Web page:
On the edge of the Sonoran and Chihuahuan deserts, in the heart of the Southwest agriculture and ranching community and surrounded by the majestic mountain ranges known as sky islands, Tucsonans cultivate a ripe appreciation for Earth's natural landscape and resources.
Earth Day is a prime event at the University of Arizona, the No. 1 university in the U.S. and the second-ranked university in the world for environmental research publications, according to a report in the journal Science of the Total Environment.
The annual UA Earth Day festival attracts thousands of people to campus to learn about sustainable companies and products, participate in games and listen to outdoor live music as the sun sets in the desert sky. The festival, free and open to the Tucson community, will take place April 22 from 3-7:30 p.m. on the UA Mall.
"Earth Day is a celebration of the Earth and how to protect it," said Crystal Davis, chair of the Earth Day committee and an undergraduate in UA Eller College of Management studying business management and environmental sciences.
Festival attendees can browse vendor booths showcasing products for a more environmentally sustainable lifestyle, or wander into the research tent to view presentations by UA faculty members and graduate and undergraduate students discussing topics such as renewable energy, eco-friendly practices and observed impacts of human activities on the planet's resources.
Entertainment will include a "sustainable art" contest for faculty and students, bike art, face painting, a rock wall and cooking demonstrations. Live music by local bands beginning at 5 p.m. will serenade the setting sun.
At the end of the event, the UA Astronomy Club will bring out telescopes and point them skyward as the first stars begin to appear.
The Earth Day festival is organized by UA students participating in the UA’s Students for Sustainability, which aims to empower student leadership, promote institutional sustainability and increase environmental awareness in the UA community.
"I want to highlight groups that practice sustainability and environmental consciousness in a variety of ways," said Davis. "Sometimes students and local neighborhoods do not realize UA groups, as well as Tucson organizations, that work hard to accomplish these basic goals. This is a great time to present what they do."
The UA was recently named by the Princeton Review as one of the nation's top "green" colleges. Also, in 2012 the UA became one of only 30 institutions in the U.S. and Canada to earn a gold rating for sustainability from the Sustainability Tracking, Assessment & Rating System, or STARS.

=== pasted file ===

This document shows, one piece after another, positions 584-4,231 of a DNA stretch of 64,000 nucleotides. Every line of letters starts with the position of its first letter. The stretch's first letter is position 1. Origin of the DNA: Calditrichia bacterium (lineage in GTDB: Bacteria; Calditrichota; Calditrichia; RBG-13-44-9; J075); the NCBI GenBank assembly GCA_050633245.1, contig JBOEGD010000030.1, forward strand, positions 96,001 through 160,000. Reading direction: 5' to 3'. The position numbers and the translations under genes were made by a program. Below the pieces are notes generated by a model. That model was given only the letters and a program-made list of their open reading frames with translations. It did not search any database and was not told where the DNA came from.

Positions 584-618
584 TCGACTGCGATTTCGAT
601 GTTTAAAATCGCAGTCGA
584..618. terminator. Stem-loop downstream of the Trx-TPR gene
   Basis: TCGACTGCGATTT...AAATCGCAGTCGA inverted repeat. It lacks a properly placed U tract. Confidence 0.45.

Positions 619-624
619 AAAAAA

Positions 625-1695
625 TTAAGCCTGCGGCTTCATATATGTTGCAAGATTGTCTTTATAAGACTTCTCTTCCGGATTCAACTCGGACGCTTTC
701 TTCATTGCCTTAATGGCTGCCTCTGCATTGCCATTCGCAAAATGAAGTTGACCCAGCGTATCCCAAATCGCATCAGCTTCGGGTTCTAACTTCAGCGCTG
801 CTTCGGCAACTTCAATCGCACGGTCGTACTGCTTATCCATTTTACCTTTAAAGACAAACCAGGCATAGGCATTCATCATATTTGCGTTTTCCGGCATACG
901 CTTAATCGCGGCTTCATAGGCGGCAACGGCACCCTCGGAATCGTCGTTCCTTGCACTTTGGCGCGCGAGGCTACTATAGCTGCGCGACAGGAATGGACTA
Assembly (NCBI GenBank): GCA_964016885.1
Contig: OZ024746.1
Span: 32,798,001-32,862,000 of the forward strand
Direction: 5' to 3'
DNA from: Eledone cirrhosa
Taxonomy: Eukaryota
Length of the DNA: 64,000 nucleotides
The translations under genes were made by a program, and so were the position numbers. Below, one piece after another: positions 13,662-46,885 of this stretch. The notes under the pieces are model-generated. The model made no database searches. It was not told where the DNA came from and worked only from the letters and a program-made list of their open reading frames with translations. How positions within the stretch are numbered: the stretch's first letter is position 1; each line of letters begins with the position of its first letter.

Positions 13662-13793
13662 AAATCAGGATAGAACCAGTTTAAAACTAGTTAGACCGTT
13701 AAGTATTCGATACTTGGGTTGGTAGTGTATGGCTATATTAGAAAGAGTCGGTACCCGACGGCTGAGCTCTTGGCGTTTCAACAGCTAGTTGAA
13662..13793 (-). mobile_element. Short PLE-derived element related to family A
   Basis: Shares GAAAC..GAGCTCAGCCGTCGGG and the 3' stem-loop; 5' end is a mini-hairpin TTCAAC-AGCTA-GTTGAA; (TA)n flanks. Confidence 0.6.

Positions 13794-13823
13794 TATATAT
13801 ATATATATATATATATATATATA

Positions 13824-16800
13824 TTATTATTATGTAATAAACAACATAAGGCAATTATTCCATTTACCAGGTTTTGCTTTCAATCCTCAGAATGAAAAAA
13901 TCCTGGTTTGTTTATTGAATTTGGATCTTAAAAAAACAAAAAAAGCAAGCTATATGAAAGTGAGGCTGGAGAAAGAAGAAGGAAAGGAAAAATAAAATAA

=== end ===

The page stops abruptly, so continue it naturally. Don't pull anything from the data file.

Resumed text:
The UA supports many environment-friendly efforts, including installing solar panels, a bike and car share program and a variety of sustainable student organizations.
Among its programs aimed at promoting environment-friendly practices is the UA's Green Fund, which allocates $400,000 each year for use in sustainable projects on campus. Compost Cats, a student group under Students for Sustainability, collects food waste from Tucson businesses and sustainably composts it, with the resulting fertilizer going to local agricultural and gardening groups.
The UA's Waste Reduction Team aims to reduce waste produced on campus and encourage recycling in the UA community. The Food for All project advocates for local food and nutritious meals to be made available throughout the Student Union. Garden in the Desert is a group of UA students that aims to transform unused spaces on campus into verdant organic gardens for the University community.
Additionally, the UA's Residence Life has won national awards for efforts to promote sustainability and social justice on campus. Programs such as Recycle Mania and Battle of the Utilities encourage students to think about the impact their everyday actions have on the environment around them.
UA programs for sustainability have reduced thousands of pounds of garbage that would otherwise have made their way into landfills. Compost Cats alone has reduced more than 50 tons of food waste since it was started in early 2011.
Many of the UA's sustainable organizations and groups will be present at the Earth Day festival, with events, activities and information for festival attendees. Said Davis: "It's essential to make Earth Day interactive and fun while being informative to our community."